First inefficient project is this weekend's AMA Sports banquet. Friday's banquet is very fun-it's the amateur side of racing. Sunday's banquet is for the pros. What's the difference? This is one of the confusing aspects of the AMA about 1% of fans actually understand. Let me try here: AMA Racing, formerly known as AMA Pro Racing, covers the very very very top series under the AMA umbrella--AMA Supercross and the AMA Toyota Motocross Series (Stewart/Reed/Langston et al.) , AMA Superbike (Spies/Mladin), AMA Supermoto (Wardy) AMA Dirt Track (Chris Carr) and now AMA ATV Motocross (Joe Byrd). That's it. Those are the series covered by AMA Racing. Everything else is considered amateur, meaning yes, even if you race the "pro class" anywhere else, it's still part of AMA Sports, the amateur side, not AMA Racing, the pro side. GNCC guys, for example, go to AMA Sports, same with the trials guys, hillcimbing and stuff like that.

But that makes the AMA Sports banquet really fun, with a lot less pressure. When you get to the AMA Racing level, everything is way more highly produced, way more scheduled and everyone has all these carefully prepared speeches.

The best way I can illustrate the difference between the two banquets: I wrote the script for the AMA banquet on Friday, and I'm hosting it along with Tim Cotter. For Sunday's banquet, I'm just hoping to score a ticket. That should give you an idea of the level we're talking about.

Unfortunately writing that script was much harder than I expected. When I was done turning the '06 script into the '07 script, it totaled nearly 10,000 words and 47 pages. BY FAR the longest paper I've ever had my name attached to (just ask my Graduate Seminar professor, who has been waiting seven years for me to turn in my thesis so I can finally get that Master's Degree).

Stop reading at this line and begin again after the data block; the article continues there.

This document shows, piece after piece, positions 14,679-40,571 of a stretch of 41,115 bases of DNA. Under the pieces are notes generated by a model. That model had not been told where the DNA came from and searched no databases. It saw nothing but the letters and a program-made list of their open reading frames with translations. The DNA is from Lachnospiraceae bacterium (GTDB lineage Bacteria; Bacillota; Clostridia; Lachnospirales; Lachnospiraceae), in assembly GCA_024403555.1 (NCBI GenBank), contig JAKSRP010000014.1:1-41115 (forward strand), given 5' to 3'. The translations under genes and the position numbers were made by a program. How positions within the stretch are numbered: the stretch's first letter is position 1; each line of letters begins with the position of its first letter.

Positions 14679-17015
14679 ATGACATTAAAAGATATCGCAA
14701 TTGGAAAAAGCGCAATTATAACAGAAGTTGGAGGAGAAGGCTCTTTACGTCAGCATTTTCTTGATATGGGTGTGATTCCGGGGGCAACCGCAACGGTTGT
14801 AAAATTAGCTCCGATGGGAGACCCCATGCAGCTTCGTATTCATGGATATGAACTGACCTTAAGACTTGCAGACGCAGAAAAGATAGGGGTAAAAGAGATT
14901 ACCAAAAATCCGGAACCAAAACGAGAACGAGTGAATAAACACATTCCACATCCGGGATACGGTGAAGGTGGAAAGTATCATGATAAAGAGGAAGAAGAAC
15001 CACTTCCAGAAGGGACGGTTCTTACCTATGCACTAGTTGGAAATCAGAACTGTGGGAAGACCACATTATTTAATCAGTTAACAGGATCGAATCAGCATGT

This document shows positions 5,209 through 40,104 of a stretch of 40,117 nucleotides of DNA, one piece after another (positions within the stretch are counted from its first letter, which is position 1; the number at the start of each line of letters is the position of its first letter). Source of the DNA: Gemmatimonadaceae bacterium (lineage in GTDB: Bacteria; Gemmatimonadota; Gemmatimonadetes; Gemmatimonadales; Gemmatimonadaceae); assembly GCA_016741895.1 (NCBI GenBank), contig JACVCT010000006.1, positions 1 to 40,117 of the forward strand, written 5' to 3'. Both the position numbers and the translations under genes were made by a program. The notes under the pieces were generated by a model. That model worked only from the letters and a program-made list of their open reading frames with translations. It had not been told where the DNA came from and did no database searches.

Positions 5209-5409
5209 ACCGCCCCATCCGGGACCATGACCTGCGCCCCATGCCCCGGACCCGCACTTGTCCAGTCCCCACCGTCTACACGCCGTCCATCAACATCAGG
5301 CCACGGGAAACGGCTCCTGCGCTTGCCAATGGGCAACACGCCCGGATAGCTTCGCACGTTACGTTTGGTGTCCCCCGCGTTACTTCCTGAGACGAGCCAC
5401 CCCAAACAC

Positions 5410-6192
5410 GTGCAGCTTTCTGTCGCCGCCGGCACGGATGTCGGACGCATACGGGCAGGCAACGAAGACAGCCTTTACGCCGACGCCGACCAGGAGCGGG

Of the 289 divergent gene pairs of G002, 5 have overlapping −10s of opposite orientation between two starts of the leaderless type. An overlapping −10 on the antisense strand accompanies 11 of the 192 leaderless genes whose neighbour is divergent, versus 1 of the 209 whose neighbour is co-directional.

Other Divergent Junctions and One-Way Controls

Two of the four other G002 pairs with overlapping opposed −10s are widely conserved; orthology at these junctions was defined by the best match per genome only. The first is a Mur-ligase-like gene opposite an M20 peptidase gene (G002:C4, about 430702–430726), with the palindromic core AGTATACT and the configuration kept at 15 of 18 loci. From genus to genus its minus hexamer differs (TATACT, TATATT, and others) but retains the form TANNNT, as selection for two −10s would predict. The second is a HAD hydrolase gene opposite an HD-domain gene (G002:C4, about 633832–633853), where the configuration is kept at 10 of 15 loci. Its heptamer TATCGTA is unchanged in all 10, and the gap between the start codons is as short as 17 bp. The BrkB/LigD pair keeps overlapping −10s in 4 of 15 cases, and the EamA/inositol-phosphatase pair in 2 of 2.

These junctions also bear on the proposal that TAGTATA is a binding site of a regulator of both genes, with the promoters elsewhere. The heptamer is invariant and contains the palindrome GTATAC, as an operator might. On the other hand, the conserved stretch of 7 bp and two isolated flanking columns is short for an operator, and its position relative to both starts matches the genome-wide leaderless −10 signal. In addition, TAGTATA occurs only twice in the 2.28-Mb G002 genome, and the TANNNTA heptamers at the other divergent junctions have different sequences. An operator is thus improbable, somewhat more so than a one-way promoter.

That script nearly killed me. I had to learn so much about all of these crazy sports. Did you know the AMA holds a "Loretta's" type event for nearly every sport, from road racing to dirt track to hillclimbing? Did you know they hold a Champions Cup race in amateur road race where three-rider teams vie for wins (imagine having team races between all the rivalries at Loretta's). Did you know they have a 50cc 4-6 dirt track class? Sidecar motocross racing has a national championship?

At 2 am last night my eyes fell out. One landed on the CTRL key and the other on the S. I had saved the document for the last time. 47 pages of updates later, I was done.

But I had to get up early this morning so I could get measured for a tux, and then register for one to be delivered at the Rio Hotel on Friday. Then it was into the back recording studio here at the office where I do GNCC TV Voice Overs (announcing), only today I thought it would be wise to use a real editing program so I can learn how video editing works. I usually just use a very user-friendly audio program, but I wanted to learn, so I used the much-more complex Adobe Premiere and spent 6 hours doing a project that normally lasts less than one. Then we had the kids in the office today (anyone who works here is free to bring their kids in here and plop them in front of the TV) and that means you will get NO work done. Jessica and Timmy's son Cade rolled into my office and started punching keys on the keyboard of my laptop, and ironically enough the F key popped off. By the time I had remounted it, I had cooled off enough to where I didn't use it writing this post.

But the little guy didn't help clean off my desk, which has a pile of work on it much larger than the one that was there this morning.

Tuesday, November 13

Uh Oh, Better Get Maico

So here's a news gem about 1970's German marque Maico attempting to make a comeback. Click here to read.

The article waxes on about how impressive the line will be, but take one look at the photo above and tell me how effective (or even affective) this line will be. that a big two stroke pipe sticking out? Does that body work and chassis bring back memories of Pearl Jam and chatting on America On Line i.e. the 90's?